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Web Site Goes Viral

Sue Reeves


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The opening slide from the web site created by Jared Smith.

A basic single-serving web site, released in conjunction with a July 9 WebAIM webinar, went viral overnight, leaving web administrators struggling to keep up with demand.

WebAIM (Web Accessibility in Mind) is a program of Utah State University’s Center for Persons with Disabilities, and provides web accessibility evaluation tools and training to web site designers and developers. The webinar discussed the many accessibility and usability issues of carousels, or rotating slide shows. Jared Smith, WebAIM associate director, created a basic web site which, ironically, uses a carousel to demonstrate the usability and accessibility issues.

By 8 a.m. the next morning, the sample web site had about 700 viewers at any given time, with 50,000 viewers in only a few hours.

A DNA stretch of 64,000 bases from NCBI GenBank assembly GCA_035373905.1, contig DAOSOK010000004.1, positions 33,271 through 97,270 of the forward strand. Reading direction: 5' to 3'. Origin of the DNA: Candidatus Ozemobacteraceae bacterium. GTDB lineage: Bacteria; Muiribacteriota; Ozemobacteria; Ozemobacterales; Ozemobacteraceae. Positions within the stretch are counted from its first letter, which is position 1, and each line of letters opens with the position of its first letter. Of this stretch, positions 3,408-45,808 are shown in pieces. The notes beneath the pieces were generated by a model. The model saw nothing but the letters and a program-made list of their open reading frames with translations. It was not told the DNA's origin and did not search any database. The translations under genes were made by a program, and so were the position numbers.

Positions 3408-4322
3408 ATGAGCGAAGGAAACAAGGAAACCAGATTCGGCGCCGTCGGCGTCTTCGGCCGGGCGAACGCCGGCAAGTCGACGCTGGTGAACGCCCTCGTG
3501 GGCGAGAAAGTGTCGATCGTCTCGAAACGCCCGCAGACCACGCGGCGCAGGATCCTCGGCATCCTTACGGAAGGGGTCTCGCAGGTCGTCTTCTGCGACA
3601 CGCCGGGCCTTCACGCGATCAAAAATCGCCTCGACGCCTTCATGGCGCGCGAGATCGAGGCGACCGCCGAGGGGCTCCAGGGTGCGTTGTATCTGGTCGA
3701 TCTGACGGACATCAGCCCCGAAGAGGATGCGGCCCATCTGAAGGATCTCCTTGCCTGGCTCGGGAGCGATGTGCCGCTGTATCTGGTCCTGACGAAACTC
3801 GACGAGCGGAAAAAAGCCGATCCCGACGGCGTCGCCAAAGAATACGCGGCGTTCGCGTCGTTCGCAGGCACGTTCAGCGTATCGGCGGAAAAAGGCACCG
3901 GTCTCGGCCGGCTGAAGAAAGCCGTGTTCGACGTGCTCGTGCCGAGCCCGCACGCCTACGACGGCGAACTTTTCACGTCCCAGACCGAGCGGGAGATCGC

“It was a bit unnerving to wake up to over 200 text messages and maybe 1000 twitter alerts,” said Smith. The site address was tweeted nearly 3000 times in the first day and quickly prompted attention and discussion on reddit and other technology forums. reddit is a social news and entertainment web site where registered users can submit content, which is then voted up or down in popularity by other registered users.

The sample web site features a slide show that rotates so fast, it’s difficult to read each slide as it goes by. Smith said the web site is frustrating to use and mostly inaccessible to people with disabilities, and that was the point.

“The server isn't keeping up with the 10 page views per second,” Smith said Wednesday morning. “I'm scrambling right now to keep the server running and just relishing in the massive amounts of traffic we're getting.”

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